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Wales since 1939$
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Martin Johnes

Print publication date: 2012

Print ISBN-13: 9780719086663

Published to Manchester Scholarship Online: January 2014

DOI: 10.7228/manchester/9780719086663.001.0001

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PRINTED FROM MANCHESTER SCHOLARSHIP ONLINE (www.manchester.universitypressscholarship.com). (c) Copyright Manchester University Press, 2021. All Rights Reserved. An individual user may print out a PDF of a single chapter of a monograph in MSO for personal use.date: 12 June 2021

‘The Waging of War.’ 1939–45

‘The Waging of War.’ 1939–45

Chapter:
(p.7) 1 ‘The Waging of War.’ 1939–45
Source:
Wales since 1939
Author(s):

Martin Johnes

Publisher:
Manchester University Press
DOI:10.7228/manchester/9780719086663.003.0002

The first chapter explores the Welsh experience of the Second World War, paying particular attention to how the war interacted with popular ideas of Welshness and Britishness. It argues that the war heightened both popular conceptions of Welsh and British national identities. This resulted in a sense of pragmatic British patriotism that often transcended class and regional divides creating what was known as the ‘People's War’, but with ideas and stereotypes of Welsh characteristics and identity still prevailing. It suggests that wider social conventions were reinforced rather than revolutionized during the war years. But, above all, it makes clear that the war left deep personal scars that had far more impact on people's lives than any effect the war had on national and regional identities.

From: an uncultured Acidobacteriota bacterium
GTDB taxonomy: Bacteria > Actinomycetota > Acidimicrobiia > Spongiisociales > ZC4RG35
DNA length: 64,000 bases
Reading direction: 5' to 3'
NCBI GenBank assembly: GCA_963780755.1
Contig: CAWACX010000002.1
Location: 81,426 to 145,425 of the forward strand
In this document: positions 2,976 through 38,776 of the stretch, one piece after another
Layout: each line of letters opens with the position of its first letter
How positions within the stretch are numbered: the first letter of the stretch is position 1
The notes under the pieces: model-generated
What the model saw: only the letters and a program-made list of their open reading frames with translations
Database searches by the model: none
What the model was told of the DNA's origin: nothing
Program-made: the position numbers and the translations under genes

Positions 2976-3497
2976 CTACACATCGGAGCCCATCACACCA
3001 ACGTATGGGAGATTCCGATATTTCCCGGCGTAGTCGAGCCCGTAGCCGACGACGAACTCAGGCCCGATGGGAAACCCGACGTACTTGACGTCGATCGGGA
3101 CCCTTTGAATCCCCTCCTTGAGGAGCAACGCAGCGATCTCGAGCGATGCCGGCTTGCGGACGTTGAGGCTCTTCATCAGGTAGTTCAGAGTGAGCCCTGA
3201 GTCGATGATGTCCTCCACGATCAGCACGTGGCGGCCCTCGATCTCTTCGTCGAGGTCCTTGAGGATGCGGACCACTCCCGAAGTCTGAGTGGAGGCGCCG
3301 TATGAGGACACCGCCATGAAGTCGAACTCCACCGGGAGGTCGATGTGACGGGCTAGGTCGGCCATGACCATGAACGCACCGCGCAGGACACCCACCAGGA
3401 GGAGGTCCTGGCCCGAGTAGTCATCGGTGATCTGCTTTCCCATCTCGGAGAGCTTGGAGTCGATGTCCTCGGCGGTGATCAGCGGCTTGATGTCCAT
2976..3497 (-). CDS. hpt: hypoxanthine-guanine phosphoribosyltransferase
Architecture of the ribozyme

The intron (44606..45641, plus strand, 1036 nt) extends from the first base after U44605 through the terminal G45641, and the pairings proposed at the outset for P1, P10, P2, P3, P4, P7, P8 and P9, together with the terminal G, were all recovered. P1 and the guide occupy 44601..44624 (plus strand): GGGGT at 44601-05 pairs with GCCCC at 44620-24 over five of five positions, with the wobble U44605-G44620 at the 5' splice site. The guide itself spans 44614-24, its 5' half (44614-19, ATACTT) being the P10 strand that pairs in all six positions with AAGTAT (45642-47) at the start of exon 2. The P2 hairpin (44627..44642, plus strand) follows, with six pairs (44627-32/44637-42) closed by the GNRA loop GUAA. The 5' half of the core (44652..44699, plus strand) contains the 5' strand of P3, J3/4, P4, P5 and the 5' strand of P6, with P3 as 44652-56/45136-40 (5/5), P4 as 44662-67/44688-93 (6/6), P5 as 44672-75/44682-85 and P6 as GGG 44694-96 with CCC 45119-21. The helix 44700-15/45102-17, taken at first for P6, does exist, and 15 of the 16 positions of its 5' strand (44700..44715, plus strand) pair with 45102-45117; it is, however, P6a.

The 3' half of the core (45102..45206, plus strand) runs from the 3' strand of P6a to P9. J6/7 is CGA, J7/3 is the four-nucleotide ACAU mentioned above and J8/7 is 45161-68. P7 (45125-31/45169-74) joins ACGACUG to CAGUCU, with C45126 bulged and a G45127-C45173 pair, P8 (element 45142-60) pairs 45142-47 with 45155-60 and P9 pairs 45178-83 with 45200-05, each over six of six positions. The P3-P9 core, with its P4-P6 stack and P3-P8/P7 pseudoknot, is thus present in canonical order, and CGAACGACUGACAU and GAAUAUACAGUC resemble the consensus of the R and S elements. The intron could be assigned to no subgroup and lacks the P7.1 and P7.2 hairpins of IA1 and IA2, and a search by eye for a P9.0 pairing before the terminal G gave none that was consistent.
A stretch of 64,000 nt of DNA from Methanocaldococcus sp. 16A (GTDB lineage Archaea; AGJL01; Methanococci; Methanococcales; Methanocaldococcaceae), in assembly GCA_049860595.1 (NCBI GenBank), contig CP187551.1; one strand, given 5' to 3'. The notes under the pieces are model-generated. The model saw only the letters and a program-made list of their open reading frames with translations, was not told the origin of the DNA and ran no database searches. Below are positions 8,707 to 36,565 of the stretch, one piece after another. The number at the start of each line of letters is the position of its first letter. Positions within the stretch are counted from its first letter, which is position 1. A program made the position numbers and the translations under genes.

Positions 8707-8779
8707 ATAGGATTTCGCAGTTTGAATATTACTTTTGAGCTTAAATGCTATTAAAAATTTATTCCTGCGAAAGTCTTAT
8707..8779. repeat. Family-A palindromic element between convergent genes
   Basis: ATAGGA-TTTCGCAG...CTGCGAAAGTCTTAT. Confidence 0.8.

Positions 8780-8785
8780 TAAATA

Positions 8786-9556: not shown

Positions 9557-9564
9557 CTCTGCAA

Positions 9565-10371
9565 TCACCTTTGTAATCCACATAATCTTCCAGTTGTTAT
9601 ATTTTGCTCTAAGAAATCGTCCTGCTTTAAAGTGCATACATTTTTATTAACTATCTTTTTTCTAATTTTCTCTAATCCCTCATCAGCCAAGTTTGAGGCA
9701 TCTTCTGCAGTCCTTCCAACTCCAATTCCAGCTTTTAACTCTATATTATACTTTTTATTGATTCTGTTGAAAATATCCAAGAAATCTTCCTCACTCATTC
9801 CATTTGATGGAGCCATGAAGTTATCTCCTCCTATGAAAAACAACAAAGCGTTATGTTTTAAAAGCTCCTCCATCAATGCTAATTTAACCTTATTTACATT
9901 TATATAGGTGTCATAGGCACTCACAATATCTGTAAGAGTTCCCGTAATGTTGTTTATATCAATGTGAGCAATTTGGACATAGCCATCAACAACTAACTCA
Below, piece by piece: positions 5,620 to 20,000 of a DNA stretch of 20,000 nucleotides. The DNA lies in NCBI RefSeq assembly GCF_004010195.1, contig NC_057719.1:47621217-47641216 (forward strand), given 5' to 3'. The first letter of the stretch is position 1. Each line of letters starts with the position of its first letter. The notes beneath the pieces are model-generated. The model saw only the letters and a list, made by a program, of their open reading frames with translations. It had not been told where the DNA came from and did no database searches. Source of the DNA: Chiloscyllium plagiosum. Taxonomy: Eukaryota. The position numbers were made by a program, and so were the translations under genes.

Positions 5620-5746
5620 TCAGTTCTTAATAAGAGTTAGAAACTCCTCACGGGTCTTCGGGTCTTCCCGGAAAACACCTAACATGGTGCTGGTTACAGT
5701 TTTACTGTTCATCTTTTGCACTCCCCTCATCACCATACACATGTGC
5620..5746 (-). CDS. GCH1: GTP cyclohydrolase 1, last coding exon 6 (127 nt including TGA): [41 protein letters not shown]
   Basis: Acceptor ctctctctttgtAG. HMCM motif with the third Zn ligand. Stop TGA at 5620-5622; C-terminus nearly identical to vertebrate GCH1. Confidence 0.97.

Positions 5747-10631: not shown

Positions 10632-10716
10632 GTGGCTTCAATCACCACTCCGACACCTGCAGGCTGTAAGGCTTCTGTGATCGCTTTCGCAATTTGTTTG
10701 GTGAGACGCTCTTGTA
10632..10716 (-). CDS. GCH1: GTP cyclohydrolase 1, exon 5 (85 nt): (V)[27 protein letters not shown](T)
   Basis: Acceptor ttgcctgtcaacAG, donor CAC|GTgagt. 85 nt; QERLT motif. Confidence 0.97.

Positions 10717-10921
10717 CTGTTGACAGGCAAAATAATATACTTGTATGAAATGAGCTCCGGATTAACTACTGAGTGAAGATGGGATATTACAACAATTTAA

Keywords:   Second World War, Conscription, ‘People's War’, Plaid Cymru, British identity, Welsh identity, stereotypes

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